Don Newcombe was actually a good hitter, and not just for a pitcher. His .271 lifetime average was a mark that a lot of position players could be proud of. He also hit .359 in 57 games in 1955 (with seven homers). .359!

Like I said in the last post, these cards are great because they give the collector a different look.

Those same two or three pitching poses that seem to be on tons of cards got old thirty years ago.

I'll take these over posed shots any day of the week.

Friday, January 27, 2012

The Glory of Their Time, Chapter 12: Jim Piersall

1979 TCMA '50s #188 Jim Piersall

I'm going to start shortening these "Glory of Their Time" posts a bit. Although they've been fun to write, the past GOTT posts have been quite time consuming.

This way, it will still be fun to write these posts, and not have it take up too much time.

But anyways, on to the post.

The story of Jim Piersall is indeed a tale of two different men.

There's the sunny day, green grass, "everything is fine" Piersall, like the one on this card. The baseball player.

But the reason that Piersall stands out in baseball history is due to the other side of his personality. The emotionally unstable side. The "Fear Strikes Out" side.

Like it or not, it's the side that everyone seems to remember.

However, we forget that he was a pretty good ballplayer as well. Too much of the actual baseball part of his life gets left out when fans talk about Jim Piersall.

It's a shame.

1991 Topps Archives #286 Jim Piersall

Piersall became a professional baseball player in 1948, signing a contract with the Red Sox at the age of 18.

He was in the majors by 1950, appearing in six games for the Red Sox that year.

Piersall was a regular in the Red Sox lineup early on in 1952. However, on May 24 of that season, him and Yankee hothead Billy Martin got into a fistfight before a game. After that, Piersall fought with teammate Mickey McDermott in the clubhouse. He'd be sent to the minors a month later.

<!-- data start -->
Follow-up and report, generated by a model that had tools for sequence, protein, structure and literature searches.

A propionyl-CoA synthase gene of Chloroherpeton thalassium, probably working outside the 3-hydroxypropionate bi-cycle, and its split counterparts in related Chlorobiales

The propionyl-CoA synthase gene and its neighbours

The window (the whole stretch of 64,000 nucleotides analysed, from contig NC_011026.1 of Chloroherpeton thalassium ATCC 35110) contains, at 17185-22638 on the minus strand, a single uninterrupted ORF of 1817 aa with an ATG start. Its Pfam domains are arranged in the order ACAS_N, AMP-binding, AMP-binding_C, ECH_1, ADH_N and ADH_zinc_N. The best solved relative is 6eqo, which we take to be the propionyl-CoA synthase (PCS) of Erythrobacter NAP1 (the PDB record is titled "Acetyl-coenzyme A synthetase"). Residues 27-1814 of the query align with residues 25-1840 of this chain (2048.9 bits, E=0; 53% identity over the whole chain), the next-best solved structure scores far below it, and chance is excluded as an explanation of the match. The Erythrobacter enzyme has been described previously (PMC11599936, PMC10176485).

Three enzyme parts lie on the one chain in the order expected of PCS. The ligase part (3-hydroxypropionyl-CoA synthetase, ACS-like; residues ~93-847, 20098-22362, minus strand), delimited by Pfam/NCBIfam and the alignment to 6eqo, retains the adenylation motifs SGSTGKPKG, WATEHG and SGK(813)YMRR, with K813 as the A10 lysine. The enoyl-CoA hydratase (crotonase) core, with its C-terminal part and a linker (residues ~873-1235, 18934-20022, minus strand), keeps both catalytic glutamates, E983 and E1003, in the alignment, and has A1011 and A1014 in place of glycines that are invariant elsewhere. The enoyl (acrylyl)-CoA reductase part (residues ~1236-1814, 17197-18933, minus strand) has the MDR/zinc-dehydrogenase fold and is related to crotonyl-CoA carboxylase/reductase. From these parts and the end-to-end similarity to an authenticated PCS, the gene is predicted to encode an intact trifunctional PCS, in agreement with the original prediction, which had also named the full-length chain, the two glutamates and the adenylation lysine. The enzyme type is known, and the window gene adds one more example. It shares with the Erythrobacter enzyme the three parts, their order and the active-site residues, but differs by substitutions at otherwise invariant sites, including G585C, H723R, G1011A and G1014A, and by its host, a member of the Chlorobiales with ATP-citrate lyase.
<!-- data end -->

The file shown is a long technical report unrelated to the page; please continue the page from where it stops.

He'd be ejected four times in his first three weeks in the minors. He'd enter treatment at a hospital shortly afterward and miss the remainder of the 1952 season.

The treatment seemed to help, as Piersall would become a regular in the Red Sox lineup for years afterward. In his first full season in '53, Piersall would hit .272 and finish ninth in the MVP voting.

In 1954, he'd hit .285 and be elected to his first All-Star game.

2002 Topps Archives #95 Jim Piersall

1956 would arguably be Piersall's finest season.

He'd hit .293, lead the league with 40 doubles, and collect 87 RBI, a career high. He also played in all 155 games that year, which also led the league. He'd make his second (and final) All-Star team in '56 as well.

Piersall would hit a career high 17 homers in 151 games in '57.

One of the most interesting stories I've read about Piersall was that he used to "talk" to the Babe Ruth monument in center field at Yankee Stadium during down times in the game. Can you imagine if someone did that nowadays?

1958 Topps #280 Jim Piersall

It seems like I've had this card forever. It's etched into my memory. If someone says "Jim Piersall", this is the first image I think of. Baseball cards are funny that way.

1958 would be Piersall's final year in Boston, hitting just .237 in 130 games. However, he would win his first of two Gold Gloves in '58.

1959 Topps #355 Jim Piersall

He'd be dealt to Cleveland for first baseman Vic Wertz after the 1958 season.

His first season as an Indian would be less than promising, as he'd hit just .246 in 100 games.